What if our role in the parable is not to persist in unjust systems, but to turn instead to God, whose justice is absolute, whose mercy is everlasting, whose compassion endures forever, and for all?

Persistence, in and of itself, is of morally neutral value. The persistence of climate activists in pressing their cause is matched by the persistence of the world insisting it must continue as it always, or most recently has. 

Endurance can be for good or for ill. The endurance of racism that persists in our culture; the persistence of violence and vengeance that manifests in gun violence and the death penalty; the suffering that we demand must be endured before asylum is granted, or a safety order handed down, or truth be told; some things endure that should not.

But then, there is the persistence of the passionate who clamour for their freedom, for the freedom of others, for the good of the world. The doggedness of the parent who spent days and nights camped outside of the school district buildings in Uvalde demanding justice, the determination of dandelion roots to hang onto the ground. The sheer stamina of those who work nights and days to care for the sick. Then, there is the endurance of a solid marriage; like fine wine that deepens and broadens its flavours with age, it is a joy to all whom it touches. We find strength, we find hope in some forms of persistence.

The persistence of God, the compassionate endurance that became incarnate in Jesus, that persisted through death and hell and refuses to let us go, refuses to leave us without a mark, without a blessing: that is something worth placing our faith in.

To persist in prayer, at its foundation, is to persist in our relationship with that God. It is not to lose hope that God’s will will be done, not to turn away to other, more immediate but more corruptible resolutions. This call to persistence is the call of the prophets, to do justice, to love mercy, to walk humbly beside God, deep in conversation, or indeed in a conversational silence, knowing that our faith is not misplaced.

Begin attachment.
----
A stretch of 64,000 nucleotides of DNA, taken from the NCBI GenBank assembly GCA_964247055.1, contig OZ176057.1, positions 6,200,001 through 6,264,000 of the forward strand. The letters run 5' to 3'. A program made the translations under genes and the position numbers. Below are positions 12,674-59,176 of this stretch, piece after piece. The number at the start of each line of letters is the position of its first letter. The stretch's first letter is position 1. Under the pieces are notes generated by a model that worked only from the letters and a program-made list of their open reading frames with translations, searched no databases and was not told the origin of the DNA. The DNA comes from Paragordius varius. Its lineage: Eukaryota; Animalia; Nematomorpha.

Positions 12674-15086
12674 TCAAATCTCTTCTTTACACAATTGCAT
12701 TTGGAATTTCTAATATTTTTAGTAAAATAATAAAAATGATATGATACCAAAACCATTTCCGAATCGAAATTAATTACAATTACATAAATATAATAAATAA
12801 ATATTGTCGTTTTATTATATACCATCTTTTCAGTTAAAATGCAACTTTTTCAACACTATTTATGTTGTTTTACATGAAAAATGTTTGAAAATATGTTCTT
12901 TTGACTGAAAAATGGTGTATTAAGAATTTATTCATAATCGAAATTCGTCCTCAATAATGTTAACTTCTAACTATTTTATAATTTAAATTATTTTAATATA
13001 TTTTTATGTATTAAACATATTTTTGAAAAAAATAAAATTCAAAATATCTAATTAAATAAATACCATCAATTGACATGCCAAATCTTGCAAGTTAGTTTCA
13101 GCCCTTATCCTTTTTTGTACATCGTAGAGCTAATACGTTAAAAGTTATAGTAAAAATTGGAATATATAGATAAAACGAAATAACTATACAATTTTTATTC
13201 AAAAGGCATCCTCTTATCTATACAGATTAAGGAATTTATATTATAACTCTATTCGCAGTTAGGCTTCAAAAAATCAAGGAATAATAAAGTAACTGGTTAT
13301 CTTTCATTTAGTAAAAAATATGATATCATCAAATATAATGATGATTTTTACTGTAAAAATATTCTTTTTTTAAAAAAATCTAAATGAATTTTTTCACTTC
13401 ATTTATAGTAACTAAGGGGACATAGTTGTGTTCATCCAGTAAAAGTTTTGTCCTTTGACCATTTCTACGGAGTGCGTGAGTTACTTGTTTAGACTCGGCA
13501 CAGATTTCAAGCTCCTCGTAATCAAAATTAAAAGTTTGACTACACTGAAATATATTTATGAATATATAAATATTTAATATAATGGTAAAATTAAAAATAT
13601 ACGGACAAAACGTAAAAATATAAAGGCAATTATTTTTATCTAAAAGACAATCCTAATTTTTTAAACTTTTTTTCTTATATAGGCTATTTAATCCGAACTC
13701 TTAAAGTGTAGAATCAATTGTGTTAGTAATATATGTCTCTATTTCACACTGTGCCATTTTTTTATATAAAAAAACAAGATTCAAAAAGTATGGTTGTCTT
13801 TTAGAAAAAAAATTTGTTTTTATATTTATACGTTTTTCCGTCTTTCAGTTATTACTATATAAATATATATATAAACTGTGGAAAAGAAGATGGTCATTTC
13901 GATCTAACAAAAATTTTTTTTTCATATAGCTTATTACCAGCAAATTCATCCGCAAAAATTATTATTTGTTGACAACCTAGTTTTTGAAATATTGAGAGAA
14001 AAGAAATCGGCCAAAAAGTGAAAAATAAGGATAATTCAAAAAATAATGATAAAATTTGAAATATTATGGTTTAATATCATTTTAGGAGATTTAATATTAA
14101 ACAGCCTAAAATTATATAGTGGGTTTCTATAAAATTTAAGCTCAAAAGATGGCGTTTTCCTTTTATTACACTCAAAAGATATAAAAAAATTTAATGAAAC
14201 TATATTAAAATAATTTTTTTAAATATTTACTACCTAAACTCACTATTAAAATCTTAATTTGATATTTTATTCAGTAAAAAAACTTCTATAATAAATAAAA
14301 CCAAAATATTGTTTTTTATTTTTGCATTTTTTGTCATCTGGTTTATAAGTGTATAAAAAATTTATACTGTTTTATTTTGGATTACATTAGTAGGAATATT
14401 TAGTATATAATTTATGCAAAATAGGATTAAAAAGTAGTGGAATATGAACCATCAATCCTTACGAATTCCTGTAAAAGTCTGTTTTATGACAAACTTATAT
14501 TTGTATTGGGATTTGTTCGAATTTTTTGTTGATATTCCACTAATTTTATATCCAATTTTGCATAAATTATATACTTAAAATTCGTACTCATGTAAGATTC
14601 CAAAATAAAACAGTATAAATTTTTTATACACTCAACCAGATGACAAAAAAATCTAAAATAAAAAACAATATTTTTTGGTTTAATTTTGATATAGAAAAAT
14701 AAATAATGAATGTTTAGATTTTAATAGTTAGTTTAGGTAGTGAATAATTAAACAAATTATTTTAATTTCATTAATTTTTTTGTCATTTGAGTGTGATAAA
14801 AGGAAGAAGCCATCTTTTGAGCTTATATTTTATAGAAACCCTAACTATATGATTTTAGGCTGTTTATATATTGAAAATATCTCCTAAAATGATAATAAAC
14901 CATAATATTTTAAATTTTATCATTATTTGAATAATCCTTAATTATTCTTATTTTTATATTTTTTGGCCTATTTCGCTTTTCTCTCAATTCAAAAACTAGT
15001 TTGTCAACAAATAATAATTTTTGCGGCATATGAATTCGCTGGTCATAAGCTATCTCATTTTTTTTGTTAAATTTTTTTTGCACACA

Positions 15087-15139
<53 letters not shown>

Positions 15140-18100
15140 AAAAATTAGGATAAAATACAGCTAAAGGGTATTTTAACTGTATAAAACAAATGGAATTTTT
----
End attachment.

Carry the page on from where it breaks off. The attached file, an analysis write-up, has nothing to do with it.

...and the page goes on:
The rhythms of our seasons, our weeks, our days are marked by prayer: the Sunday Eucharist, the Daily Office, the sentence of thanksgiving upon awakening; the moment of reflection before we fall asleep. I invite you as you go about your week to pray persistently: to choose a word or phrase that will remind you, when you most need it, that God is holding on to you, in the midst of rushing waters and strong currents, and beside still waters alike. Write it down and put it in your pocket, or set it to a tune and let it take hold of that place in your head that will not let it go.

Because when all else fails, when we fail, when all else seems false, nevertheless, God persists.




[iii] Amy-Jill Levine, Short Stories by Jesus: the enigmatic parables of a controversial rabbi (HarperOne, 2014), 241

[iv] Levine, op cit, 242

The featured image is from the Jabbok River in Jordan, taken by the author in 2016

About Rosalind C Hughes

Rosalind C Hughes is a priest and author living near the shores of Lake Erie. After growing up in England and Wales, and living briefly in Singapore, she is now settled in Ohio. She serves an Episcopal church just outside Cleveland. Rosalind is the author of A Family Like Mine: Biblical Stories of Love, Loss, and Longing , and Whom Shall I Fear? Urgent Questions for Christians in an Age of Violence, both from Upper Room Books. She loves the lake, misses the ocean, and is finally coming to terms with snow.